They careened down the mountainside with Daniel hardly pressing his brake.  He explained to Teal’c that he did not want to cause the tires and the axles to heat up, but Teal’c had a feeling that he could have put the brake on more than what he was doing.

 

Once they reached a small town, Daniel proceeded to put Teal’c through the paces of driving in a city.  He came to screeching halts at stop signs, and blazed through several red lights that Teal’c had a feeling you were not supposed to go through.  After one red light, as Daniel was explaining another aspect of driving to Teal’c, the Jaffa noticed strange lights flashing behind them.

 

Daniel Jackson, we are being followed,” he stated.

 

Daniel checked his mirrors and then groaned.  “Crap.  It’s a police car.”

 

Teal’c raised an eyebrow.

 

“I’m supposed to pull over and he’s probably going to give me a ticket for something,” Daniel explained, pulling the car over to the side of the road.

 

The police car pulled up a short distance behind them, and the policeman approached, asking for Daniel’s license and insurance.

 

“Sir, did you know that you went through two red lights in a row back there?” the policeman asked.

 

“Uh, no, not really,” Daniel answered truthfully.

 

“He did indeed pass through two of the red lights,” Teal’c said.

 

Daniel glared at him and the policeman started writing on a piece of paper.  “Make sure you pay this fine as soon as possible,” the policeman said.  “Have a nice day.”

 

After the policeman drove off, Daniel looked at Teal’c and said, “Thanks a lot.”

 

Teal’c tilted his head in a silent inquiry.

 

“Don’t tell a policeman what you’ve done wrong, or else you’re guaranteed a ticket.”

 

“I was only stating the truth,” Teal’c replied.

 

“Well, you don’t have to state the truth,” Daniel muttered.  “Just don’t say anything next time.”  He reached to turn the key, then paused.  “All right.  It’s your turn to drive.  Let’s see how you do.”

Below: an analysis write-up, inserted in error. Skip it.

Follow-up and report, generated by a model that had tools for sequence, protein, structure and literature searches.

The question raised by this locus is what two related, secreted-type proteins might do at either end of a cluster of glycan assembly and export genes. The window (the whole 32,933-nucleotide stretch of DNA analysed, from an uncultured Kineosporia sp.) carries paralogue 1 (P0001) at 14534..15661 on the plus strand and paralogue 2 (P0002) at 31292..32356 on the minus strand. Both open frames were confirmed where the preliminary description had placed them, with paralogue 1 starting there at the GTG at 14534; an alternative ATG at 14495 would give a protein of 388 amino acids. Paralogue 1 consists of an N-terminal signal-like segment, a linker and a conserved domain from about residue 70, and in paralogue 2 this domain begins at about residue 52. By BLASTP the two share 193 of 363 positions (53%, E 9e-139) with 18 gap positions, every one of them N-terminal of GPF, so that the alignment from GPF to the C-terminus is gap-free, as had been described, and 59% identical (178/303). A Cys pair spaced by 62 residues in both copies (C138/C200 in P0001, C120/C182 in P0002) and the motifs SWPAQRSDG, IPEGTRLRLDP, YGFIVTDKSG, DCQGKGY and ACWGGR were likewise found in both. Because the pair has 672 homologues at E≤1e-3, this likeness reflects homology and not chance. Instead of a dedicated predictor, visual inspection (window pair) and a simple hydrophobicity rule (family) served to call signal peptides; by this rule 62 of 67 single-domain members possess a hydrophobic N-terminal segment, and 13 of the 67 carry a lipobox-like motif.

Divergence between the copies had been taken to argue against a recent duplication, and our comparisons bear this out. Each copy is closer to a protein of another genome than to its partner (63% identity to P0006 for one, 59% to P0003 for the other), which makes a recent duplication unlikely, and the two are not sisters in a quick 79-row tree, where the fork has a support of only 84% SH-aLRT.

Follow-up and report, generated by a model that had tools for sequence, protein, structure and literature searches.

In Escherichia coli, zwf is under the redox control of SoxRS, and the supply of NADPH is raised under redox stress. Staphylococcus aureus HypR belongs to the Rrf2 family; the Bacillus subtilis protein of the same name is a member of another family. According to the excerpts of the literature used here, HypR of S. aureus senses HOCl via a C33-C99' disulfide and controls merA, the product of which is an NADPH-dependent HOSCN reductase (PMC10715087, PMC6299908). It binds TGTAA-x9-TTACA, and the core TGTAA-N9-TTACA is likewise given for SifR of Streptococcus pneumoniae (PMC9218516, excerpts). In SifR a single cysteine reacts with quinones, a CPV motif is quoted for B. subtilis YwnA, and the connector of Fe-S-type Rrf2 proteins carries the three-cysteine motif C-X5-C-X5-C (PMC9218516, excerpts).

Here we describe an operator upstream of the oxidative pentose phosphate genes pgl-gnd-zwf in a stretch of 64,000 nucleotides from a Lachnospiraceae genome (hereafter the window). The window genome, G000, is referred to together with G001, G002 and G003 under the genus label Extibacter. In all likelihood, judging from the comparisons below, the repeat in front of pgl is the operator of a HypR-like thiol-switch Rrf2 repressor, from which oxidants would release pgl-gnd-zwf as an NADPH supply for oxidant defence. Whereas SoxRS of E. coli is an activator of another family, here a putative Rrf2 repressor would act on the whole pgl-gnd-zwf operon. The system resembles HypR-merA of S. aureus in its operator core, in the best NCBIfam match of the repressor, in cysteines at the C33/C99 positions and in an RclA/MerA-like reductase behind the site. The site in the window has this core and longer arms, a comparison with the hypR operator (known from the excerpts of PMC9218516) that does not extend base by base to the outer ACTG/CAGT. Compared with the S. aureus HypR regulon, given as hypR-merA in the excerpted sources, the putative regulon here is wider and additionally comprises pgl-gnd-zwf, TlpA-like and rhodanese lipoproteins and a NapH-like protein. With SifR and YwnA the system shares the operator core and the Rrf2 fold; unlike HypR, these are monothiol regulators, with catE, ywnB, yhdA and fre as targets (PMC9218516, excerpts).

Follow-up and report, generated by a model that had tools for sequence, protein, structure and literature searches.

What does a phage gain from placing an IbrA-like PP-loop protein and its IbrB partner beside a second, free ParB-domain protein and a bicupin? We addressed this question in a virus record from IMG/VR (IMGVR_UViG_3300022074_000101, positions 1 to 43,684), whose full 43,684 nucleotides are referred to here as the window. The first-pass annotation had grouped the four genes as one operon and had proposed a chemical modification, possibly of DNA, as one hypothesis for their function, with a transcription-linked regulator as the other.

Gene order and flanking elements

He and Teal’c changed places, then Daniel asked, “Okay, what’s the first thing you do?”

 

Teal’c fastened his seat belt, adjusted his mirrors, then activated the car’s engine with a smooth turn of the key.

 

“Right . . .” Daniel said slowly.  “Do you think you can get us back to Cheyenne Mountain?”

 

“I believe so.”

 

Teal’c shifted the car to “drive,” then drove at exactly the speed limit back out of town and up the mountain.  He drove as though he had been driving all of his life.

 

Daniel felt miffed.  Teal’c, how come you didn’t tell me you knew how to drive?”

 

“I have never driven a car before, Daniel Jackson,” Teal’c replied.  “Compared to a Goa’uld mothership, it is quite easy.”

 

They got out of the car at the entrance to SGC, and Daniel said, “Well, to legally drive, you need a driver’s license.  You’ll need to talk with Sam about getting a birth certificate so you can do your test.  I think in about a month or so, you’ll be ready.  Let me know when you want me to drive with you again.”

 

The archaeologist walked off to the elevator, and Teal’c watched for a moment, thinking, then turned to follow him.

 

Two days later, Jack sauntered into Daniel’s office.

 

“Hey, Daniel,” he said, punching the archaeologist on the shoulder.  “I hear you’re a pretty good teacher.”

 

“What?”  Daniel looked up at the Colonel with a confused look on his face.

 

Teal’c got himself a license.  The driving instructor said he’d never given anyone a perfect score on a driving test before, but Teal’c didn’t get a mark against him.”

 

“He took his test already?”

 

“Yeah.  Why?”

 

“I only taught him to drive two days ago, and we didn’t even go over parallel parking yet!” Daniel protested.

 

“Well, I guess he’s just a fast learner.  I hear he borrowed your car, too.”

 

Jack held back a laugh as he left Daniel sitting in his office with his mouth open in shock.